JOSH FOX: Well, I got an email last night from Bill McKibben, who took time out of an incredible day of people congratulating him, Bill McKibben, the leader of 350. And he sent a message very clearly: fracking is next, the Delaware River will play a major role. So we’re hoping that all of the people—and a lot of the fracktivists out there took part in that initial demonstrations in front of the White House. This movement has to turn towards the Delaware River Basin right now as the most important battleground for fracking, both nationwide and worldwide.
AMY GOODMAN: There have been a series of commercials that have come out on television. I want to play just a clip of one. These are for fracking.
EXXONMOBIL AD: America is facing some tough challenges right now. And two of the most important are energy security and economic growth. North America actually has one of the largest oil reserves in the world. A large part of that is oil sands. This resource has the ability to create hundreds of thousands of jobs. But our Kearl project in Canada will be able to produce these oil sands with the same emissions as many other oils, and that’s a huge breakthrough. That’s good for our country’s energy security and our economy.
AMY GOODMAN: That’s actually an ExxonMobil ad that was for the tar sands pipeline. But there are similar ones around fracking.
JOSH FOX: Well, yeah, it’s part of the same campaign. You can’t turn on the television without seeing a natural gas ad. You can’t open up a magazine without seeing a natural gas ad. And they’re playbook is very, very clear. They’ve stated it. You have—at first, they attacked the hell out of the film. They sent a letter to the Oscars trying to rescind the nomination. And they realized that this—these brazen tactics—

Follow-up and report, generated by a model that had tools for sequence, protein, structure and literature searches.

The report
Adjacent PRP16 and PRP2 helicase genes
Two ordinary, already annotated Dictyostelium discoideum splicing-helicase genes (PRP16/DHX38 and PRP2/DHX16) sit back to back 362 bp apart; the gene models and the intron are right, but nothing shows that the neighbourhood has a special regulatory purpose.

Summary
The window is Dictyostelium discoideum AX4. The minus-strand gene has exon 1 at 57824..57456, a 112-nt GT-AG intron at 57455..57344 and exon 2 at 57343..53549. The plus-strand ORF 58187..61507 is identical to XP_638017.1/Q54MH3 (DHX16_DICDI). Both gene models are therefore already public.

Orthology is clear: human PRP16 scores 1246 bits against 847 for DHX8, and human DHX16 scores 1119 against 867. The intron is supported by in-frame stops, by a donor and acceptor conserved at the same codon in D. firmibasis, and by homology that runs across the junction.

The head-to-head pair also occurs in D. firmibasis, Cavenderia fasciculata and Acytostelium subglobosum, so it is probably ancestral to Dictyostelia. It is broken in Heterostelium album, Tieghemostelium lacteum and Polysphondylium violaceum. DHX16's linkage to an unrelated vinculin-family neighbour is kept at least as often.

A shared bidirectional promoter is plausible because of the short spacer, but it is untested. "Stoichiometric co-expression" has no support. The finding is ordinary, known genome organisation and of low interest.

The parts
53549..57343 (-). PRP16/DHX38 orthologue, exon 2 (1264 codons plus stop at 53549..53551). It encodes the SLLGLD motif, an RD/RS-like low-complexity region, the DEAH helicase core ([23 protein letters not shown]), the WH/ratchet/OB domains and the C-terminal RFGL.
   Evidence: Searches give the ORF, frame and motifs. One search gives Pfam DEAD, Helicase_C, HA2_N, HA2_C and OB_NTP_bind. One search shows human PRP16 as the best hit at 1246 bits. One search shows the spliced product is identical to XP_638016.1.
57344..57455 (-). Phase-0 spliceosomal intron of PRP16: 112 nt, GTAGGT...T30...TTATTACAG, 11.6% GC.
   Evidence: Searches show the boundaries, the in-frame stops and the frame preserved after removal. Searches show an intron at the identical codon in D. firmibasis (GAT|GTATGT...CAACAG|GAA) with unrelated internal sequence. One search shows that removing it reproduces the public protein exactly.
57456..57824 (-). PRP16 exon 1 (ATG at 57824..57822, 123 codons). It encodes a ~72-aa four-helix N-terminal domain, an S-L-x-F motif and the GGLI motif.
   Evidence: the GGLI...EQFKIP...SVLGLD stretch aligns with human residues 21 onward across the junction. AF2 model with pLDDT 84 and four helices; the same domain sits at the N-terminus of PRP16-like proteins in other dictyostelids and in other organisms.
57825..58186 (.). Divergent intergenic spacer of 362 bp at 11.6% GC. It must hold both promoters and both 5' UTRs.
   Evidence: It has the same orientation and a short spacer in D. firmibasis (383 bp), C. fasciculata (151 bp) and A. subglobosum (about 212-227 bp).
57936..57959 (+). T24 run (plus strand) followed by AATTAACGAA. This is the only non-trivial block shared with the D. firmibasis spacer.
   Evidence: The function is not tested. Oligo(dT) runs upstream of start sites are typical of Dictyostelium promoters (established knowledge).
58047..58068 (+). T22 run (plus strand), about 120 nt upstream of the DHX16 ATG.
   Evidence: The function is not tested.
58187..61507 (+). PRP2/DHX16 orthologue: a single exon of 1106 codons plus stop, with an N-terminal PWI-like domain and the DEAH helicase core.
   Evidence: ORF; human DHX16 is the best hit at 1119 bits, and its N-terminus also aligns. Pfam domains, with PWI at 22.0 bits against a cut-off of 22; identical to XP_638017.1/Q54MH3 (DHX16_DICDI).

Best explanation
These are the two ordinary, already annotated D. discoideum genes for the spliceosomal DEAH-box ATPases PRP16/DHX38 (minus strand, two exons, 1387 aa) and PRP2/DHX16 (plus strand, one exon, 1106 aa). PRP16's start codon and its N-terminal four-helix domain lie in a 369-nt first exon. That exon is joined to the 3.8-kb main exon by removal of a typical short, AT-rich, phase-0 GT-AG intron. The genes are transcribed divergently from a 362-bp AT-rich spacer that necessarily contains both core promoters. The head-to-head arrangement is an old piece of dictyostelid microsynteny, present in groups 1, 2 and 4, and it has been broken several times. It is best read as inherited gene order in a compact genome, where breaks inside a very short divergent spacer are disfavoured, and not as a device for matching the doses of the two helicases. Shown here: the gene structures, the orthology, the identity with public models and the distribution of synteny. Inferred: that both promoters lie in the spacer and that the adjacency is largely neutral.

AMY GOODMAN: And who is "they"?
JOSH FOX: Well, it’s hard to say who "they" is. There is an attack dog group, sort of like a rabid pitbull who drank too much Red Bull, called Energy in Depth. And they go out and attack families, and they’ve attacked Gasland. They attacked the New York Times. They attacked ProPublica, the Pulitzer Prize-winning news source. I’m sure they’ve probably attacked you at one point or another. And there was a very brazen kind of attack strategy. I think that backfired on them. And what they’re saying now is—this is a charm offensive on behalf of the gas industry, but it’s just as insidious, if not more. What they’re saying is, fracking is the road forward, this is the way to go.
But when you’re talking about the watershed for 16 million people, 15.6 million people, the Delaware River, that provides water to New York City, Philadelphia, southern New Jersey, Trenton—and what this regulation package amounts to is the permanent industrialization of that river, something it would never, ever recover from. This protest on November 21st, which you can find out more again about at savethedelawareriver.com, will happen at the—across the river from the barracks that George Washington left behind when he crossed the river to defeat the British to start the United States of America.
AMY GOODMAN: Maybe the most shocking piece in your film, in Gasland, that really ignited a nationwide movement against fracking, was the water exploding, that when someone lights—that people could light up their water.
JOSH FOX: Yeah. Well, this is incredibly distressing. You have—that was several families in that one segment of the film Gasland who could do that, and that was out in Colorado. We had reports of it in Dimock, and since that’s—Dimock, Pennsylvania, which is just 50 miles from the Delaware River Basin. And in Bradford County, just one county in Pennsylvania, over a period of one year’s worth of drilling, they had reports of 130 different incidents of families who could light their water on fire. It is an epidemic. Just three days ago in Pavillion, Wyoming, which is a segment of the film Gasland, EPA came in and showed, in that aquifer, where there’s quite a lot of drilling, they have 50 times the safe levels of benzene and other fracking chemicals in the aquifer. I mean, the evidence mounts time and time and time again. And the science, which is trailing, I think, the journalism a little bit, continues to prove and show that there is a relationship between fracking and flammable water, and fracking and contamination of groundwater with very, very serious chemicals and carcinogens.
AMY GOODMAN: Josh Fox, thanks for being with us, director of the Academy Award-nominated film Gasland . We will link to the website savethedelawareriver.com and keep people updated on this debate. We did have a debate last Friday when we were up in Syracuse, because the Syracuse Common Council, their city council, has banned fracking.